Top 5 US Tax Facts Expat Employees Need to Know
Many US expat employees aren’t clear about the tax rules and filing obligations for Americans working abroad. This is because tax filing requirements for Americans living overseas can seem counterintuitive, and complex, too.
In this article we’re going to reveal the 5 top US tax facts that Americans on assignment abroad need to know. Please note though that each expat’s individual circumstances will determine the best strategies to ensure that they not just remain compliant, but file to their maximum benefit too, so it’s always worth consulting a US expat tax specialist.
1 - Expats still have to file US taxes
All American citizens and green card holders are required to file a US federal tax return, reporting their worldwide income, whether they live in the states or abroad.
This is the case regardless of the length of the assignment overseas (unless it’s very short, such as just a few months).
Americans living overseas may also have to continue filing state taxes, depending on the rules in the state where they last lived before relocating abroad, what ties if any they’ve retained there, and how long they’ll be abroad for.
2 - IRS exemptions rather than Tax Treaties reduce the US tax you owe
The US has tax treaties with around 100 other countries, but 99% of expats won’t benefit from them. The exceptions are students, teachers, and expats working in R&D.
Instead, to reduce US taxes owed on income earned while working abroad, Americans on assignment overseas must claim one or more exemptions that the IRS has made available for this purpose.
The two most common exemptions are the Foreign Tax Credit, which allows expats to claim US tax credits to the same value as foreign taxes that they’ve already paid, and the Foreign Earned Income Exclusion, which lets expats exclude the first around $100,000 (the exact figure rises a little each year based on inflation) of their earned income from US taxation so long as they can meet one of two IRS tests to prove that they live abroad. There are other exemptions too, depending on expats’ circumstances (e.g. the Foreign Housing Exclusion).
While claiming these exemptions most often reduces the amount of tax expats owe the IRS to zero, it’s important to calculate which exemptions will benefit each particular expat the most.
3 - There are extra US filing requirements for expats
As well as filing, expats often have to report any foreign bank or investment accounts that they may have (including most foreign pension schemes) by filing an FBAR (Foreign Bank Account Report). Expats with over $10,000 in foreign bank or investment accounts at any time during the year, including accounts that they have signatory authority or control over such as a business account, are required to file an FBAR by filing FinCEN form 114 online.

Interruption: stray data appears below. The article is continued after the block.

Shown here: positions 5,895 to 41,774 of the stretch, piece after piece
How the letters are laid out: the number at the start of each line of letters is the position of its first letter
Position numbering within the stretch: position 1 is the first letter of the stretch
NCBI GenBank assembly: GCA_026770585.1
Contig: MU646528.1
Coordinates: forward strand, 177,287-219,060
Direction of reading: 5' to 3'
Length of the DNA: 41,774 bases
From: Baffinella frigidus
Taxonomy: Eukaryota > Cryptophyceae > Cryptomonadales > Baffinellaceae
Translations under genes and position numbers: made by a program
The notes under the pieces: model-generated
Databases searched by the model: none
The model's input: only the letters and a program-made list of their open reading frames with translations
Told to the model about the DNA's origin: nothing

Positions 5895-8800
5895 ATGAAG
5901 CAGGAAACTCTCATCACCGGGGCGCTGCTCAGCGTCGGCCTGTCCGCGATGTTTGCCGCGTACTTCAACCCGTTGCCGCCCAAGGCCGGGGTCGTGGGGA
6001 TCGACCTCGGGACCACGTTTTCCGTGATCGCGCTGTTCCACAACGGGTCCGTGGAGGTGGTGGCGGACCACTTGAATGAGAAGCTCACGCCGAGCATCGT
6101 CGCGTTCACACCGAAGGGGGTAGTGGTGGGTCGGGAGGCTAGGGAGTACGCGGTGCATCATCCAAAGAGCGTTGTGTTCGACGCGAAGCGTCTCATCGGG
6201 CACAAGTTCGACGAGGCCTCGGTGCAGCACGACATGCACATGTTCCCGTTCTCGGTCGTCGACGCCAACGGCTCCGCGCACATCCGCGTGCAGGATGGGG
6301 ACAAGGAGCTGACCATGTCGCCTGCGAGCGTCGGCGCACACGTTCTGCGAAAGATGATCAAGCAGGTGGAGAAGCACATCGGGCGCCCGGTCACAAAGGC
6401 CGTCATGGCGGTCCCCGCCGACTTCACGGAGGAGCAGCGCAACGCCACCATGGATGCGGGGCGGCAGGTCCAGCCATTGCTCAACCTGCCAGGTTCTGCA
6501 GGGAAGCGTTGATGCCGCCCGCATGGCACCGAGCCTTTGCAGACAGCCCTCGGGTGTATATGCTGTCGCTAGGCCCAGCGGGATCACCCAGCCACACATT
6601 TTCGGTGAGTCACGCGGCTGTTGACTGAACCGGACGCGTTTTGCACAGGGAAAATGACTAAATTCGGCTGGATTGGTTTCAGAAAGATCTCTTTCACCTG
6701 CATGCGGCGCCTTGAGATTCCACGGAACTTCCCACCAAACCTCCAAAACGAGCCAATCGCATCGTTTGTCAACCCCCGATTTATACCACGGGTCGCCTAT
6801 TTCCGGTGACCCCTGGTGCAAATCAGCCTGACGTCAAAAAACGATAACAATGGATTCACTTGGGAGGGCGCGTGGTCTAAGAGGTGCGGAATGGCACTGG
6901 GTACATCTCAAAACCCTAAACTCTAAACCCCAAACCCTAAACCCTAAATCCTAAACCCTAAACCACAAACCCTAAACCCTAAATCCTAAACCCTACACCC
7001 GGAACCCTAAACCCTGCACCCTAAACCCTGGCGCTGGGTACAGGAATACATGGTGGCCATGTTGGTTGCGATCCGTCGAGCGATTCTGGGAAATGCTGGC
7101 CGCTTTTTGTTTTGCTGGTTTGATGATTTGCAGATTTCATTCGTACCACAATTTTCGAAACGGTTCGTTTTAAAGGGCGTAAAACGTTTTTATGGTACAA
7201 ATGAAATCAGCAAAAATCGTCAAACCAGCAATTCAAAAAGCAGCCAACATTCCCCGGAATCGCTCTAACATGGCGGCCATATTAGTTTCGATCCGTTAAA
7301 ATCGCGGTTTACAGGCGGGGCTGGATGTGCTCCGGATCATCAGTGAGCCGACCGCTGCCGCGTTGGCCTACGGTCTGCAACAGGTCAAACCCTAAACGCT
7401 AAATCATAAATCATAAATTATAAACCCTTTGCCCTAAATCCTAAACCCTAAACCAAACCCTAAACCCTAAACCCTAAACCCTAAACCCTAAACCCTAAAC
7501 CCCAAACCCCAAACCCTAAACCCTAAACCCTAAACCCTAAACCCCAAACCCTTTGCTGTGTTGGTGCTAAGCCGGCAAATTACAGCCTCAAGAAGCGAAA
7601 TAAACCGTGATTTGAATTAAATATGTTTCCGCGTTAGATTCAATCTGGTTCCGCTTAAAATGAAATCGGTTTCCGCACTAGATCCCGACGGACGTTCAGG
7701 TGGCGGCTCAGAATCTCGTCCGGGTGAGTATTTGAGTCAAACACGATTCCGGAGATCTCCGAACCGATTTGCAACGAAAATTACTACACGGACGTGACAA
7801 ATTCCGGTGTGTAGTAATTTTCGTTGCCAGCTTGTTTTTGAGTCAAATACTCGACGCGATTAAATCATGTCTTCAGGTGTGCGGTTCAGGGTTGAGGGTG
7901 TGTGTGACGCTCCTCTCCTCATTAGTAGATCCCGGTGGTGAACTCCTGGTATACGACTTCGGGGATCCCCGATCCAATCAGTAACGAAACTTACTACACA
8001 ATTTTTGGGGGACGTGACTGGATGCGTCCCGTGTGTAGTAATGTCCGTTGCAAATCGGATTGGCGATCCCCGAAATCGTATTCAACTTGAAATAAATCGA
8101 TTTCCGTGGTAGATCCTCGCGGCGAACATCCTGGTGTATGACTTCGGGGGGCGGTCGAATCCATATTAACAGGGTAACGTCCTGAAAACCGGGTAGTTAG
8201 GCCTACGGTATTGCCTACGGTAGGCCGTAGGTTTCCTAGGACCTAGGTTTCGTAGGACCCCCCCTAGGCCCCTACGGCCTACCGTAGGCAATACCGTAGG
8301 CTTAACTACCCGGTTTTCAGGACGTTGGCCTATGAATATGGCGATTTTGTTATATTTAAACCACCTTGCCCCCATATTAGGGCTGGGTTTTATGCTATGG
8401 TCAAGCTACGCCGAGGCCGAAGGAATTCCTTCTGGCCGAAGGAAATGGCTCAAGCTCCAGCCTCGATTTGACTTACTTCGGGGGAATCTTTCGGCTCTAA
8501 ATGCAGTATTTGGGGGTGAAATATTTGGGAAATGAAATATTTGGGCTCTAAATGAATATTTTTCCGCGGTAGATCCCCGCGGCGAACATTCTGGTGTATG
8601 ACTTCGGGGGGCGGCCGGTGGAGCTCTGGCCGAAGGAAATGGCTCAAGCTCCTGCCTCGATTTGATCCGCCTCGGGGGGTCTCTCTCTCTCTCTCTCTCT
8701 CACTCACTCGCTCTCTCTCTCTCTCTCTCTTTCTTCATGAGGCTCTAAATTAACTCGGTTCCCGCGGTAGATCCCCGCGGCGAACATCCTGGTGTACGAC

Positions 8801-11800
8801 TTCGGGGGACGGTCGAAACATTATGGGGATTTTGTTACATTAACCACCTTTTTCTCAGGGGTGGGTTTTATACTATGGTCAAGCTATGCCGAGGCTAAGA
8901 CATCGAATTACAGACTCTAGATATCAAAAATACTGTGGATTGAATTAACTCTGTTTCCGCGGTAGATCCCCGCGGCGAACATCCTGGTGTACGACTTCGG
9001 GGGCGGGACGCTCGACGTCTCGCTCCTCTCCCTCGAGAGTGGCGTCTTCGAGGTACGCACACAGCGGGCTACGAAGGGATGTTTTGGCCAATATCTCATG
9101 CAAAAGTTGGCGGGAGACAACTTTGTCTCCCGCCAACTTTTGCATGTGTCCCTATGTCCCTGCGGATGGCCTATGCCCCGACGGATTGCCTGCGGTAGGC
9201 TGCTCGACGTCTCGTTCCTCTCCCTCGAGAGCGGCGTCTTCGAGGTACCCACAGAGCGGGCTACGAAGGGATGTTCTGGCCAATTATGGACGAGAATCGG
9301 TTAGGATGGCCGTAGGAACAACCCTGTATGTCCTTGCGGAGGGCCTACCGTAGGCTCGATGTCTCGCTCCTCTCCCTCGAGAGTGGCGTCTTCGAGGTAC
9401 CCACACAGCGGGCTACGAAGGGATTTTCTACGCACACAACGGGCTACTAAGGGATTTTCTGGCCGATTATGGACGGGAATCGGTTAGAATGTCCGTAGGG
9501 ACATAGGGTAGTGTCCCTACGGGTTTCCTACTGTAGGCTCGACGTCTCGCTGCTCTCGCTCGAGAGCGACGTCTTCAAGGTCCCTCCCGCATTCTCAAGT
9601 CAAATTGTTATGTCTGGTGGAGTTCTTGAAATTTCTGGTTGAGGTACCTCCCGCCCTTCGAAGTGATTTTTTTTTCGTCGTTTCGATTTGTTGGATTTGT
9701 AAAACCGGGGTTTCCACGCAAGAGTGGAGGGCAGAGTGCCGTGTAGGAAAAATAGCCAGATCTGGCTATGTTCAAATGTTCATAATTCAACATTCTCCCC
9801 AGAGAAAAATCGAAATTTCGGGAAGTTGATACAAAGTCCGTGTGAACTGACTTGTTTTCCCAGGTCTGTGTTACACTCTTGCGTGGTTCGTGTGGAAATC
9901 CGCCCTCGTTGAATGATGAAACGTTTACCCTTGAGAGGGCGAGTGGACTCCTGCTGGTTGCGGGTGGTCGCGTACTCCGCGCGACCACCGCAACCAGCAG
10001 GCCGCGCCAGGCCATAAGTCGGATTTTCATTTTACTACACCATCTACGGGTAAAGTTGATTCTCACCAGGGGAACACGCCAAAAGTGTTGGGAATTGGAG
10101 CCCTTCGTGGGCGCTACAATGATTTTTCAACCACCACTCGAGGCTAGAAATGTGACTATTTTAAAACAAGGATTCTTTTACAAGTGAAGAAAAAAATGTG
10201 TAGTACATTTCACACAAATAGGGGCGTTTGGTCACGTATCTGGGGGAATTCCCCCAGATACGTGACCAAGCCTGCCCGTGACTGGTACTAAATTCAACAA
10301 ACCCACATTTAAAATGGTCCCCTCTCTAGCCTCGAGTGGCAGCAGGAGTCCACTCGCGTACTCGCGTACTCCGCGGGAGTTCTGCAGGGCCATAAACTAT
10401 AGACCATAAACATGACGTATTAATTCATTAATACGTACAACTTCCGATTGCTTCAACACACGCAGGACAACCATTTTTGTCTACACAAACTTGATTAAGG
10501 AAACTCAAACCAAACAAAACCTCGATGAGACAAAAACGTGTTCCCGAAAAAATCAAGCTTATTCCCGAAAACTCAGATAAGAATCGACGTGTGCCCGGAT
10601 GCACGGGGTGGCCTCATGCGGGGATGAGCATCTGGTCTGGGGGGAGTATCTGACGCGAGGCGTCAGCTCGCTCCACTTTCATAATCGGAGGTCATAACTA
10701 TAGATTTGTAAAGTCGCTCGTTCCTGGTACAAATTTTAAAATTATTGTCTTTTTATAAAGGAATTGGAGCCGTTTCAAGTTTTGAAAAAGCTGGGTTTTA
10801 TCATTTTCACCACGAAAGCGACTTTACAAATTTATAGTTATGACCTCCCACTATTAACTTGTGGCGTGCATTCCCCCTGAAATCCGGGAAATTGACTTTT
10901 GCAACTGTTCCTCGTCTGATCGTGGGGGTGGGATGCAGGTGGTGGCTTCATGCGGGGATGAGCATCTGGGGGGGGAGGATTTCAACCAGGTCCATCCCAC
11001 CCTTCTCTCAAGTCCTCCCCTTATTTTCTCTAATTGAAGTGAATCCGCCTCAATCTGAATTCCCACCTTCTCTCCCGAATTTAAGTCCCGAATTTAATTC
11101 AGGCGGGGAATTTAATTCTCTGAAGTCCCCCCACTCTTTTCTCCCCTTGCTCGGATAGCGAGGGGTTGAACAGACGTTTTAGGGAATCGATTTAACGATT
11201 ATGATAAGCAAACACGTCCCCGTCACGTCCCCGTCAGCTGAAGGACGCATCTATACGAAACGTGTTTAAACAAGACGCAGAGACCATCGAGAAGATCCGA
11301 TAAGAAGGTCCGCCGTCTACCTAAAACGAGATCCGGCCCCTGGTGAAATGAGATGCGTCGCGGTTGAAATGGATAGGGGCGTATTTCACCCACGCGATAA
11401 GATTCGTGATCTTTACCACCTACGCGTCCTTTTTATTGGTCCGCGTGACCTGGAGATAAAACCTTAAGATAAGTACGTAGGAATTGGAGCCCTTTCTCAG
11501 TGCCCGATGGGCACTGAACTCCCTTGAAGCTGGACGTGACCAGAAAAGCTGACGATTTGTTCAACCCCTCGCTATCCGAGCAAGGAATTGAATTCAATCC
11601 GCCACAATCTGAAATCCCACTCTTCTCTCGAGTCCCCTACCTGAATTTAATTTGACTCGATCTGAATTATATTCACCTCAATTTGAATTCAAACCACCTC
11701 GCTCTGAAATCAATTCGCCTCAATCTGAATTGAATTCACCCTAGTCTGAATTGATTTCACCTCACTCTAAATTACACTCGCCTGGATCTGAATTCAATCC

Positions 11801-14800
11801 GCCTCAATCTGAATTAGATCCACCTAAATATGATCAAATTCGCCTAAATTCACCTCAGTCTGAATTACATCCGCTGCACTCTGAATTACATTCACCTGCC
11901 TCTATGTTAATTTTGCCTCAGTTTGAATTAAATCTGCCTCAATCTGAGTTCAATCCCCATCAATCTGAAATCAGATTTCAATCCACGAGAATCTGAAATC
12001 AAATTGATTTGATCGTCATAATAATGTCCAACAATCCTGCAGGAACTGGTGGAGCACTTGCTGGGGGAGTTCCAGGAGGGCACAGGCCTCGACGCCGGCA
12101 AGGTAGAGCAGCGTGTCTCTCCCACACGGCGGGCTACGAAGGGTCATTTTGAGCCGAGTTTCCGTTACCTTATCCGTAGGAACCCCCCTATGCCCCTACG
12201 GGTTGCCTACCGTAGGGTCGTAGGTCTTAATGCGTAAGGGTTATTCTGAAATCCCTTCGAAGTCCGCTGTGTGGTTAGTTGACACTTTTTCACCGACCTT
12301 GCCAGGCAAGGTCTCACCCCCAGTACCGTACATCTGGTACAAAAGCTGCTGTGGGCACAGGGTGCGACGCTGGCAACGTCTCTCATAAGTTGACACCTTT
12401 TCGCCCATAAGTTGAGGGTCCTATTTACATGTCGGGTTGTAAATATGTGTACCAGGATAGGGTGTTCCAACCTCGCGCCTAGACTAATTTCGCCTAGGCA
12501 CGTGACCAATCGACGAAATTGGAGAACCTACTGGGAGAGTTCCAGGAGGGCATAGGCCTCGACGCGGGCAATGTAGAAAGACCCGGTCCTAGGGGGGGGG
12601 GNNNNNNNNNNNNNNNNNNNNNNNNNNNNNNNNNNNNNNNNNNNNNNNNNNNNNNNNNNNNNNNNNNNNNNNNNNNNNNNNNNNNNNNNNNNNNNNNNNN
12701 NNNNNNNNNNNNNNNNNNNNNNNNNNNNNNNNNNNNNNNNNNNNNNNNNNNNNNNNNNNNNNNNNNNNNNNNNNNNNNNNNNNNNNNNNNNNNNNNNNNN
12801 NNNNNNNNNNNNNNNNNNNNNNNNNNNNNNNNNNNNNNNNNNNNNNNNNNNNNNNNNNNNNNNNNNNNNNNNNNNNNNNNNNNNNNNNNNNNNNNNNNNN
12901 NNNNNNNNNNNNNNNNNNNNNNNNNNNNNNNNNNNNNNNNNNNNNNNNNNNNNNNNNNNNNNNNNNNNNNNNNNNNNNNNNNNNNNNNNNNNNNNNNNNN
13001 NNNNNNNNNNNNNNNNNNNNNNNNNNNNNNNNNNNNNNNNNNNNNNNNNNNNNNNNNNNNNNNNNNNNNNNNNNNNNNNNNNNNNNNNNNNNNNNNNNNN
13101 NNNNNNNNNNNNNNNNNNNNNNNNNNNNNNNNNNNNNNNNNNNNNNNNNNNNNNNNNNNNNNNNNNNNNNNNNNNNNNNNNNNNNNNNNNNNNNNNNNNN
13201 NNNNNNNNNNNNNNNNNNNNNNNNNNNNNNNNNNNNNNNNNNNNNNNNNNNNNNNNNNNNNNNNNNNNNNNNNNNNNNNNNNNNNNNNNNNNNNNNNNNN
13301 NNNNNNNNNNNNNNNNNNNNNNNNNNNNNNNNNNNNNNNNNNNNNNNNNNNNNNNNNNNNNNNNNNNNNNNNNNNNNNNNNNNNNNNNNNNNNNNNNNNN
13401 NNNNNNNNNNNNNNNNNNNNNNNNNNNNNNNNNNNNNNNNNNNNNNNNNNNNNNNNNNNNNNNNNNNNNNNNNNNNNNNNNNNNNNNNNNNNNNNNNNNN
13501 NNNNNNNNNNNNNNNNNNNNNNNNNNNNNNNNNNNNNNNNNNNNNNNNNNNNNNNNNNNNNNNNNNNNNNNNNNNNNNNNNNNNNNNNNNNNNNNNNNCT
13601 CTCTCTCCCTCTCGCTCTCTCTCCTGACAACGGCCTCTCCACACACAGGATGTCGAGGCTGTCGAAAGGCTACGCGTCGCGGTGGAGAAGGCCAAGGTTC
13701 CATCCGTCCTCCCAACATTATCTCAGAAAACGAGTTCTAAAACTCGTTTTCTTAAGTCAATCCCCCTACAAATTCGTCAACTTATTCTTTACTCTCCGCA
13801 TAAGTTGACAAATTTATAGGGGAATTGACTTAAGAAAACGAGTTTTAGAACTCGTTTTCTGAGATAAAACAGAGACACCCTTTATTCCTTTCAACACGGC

Separately, expats with over $200,000 of foreign financial assets also have to file form 8938 to report them, while expats with interests in foreign registered corporations or trusts also have US reporting obligations.
4 - Expats normally have to file host country taxes, too
Americans working overseas almost always have to file host country taxes too, depending on the rules in the country where they are based. Some countries, notably in the Middle East, don’t have income taxes, but most European countries On the other hand have higher income taxes than in the US. Some firms that send US employees abroad arrange to compensate employees who pay a higher rate of income tax abroad. Expats who need to file foreign taxes should always do so first, as this allows them to accurately understand the implications for their US tax return.
5 - Social security payments may be covered by a Totalization Agreement
The US has treaties known as Totalization Agreements currently with 26 other countries that let Americans living in those countries pay either US or foreign social security contributions (but not both) that count towards both countries’ pensions schemes. Typically, if an American will be working abroad for less than 3-5 years and then returning to the US, they will continue paying US social security taxes and won’t have to pay host country contributions. If they are planning to stay abroad longer though, they will normally have to pay social security taxes in their host country rather than to the US.
In summary, Americans working abroad still have to file US taxes, but when they do so they can claim one or more exemptions that in most cases reduce their US tax due to zero. They may also have extra US reporting requirements relating to any foreign accounts, investments, business interests or assets they may have. Remaining compliant and doing so in a way that achieves maximum benefit though depends on each expats’ personal circumstances, so if in doubt, seek expert advice.
Bright!Tax (brighttax.com) is a leading provider of US expat tax services, and has been lauded for many groung-breaking innovations that help simply the process of filing US taxes from abroad. Bright!Tax provides a full spectrum of US expat employee tax compliance services. If you have any questions, don't hesitate to get in touch.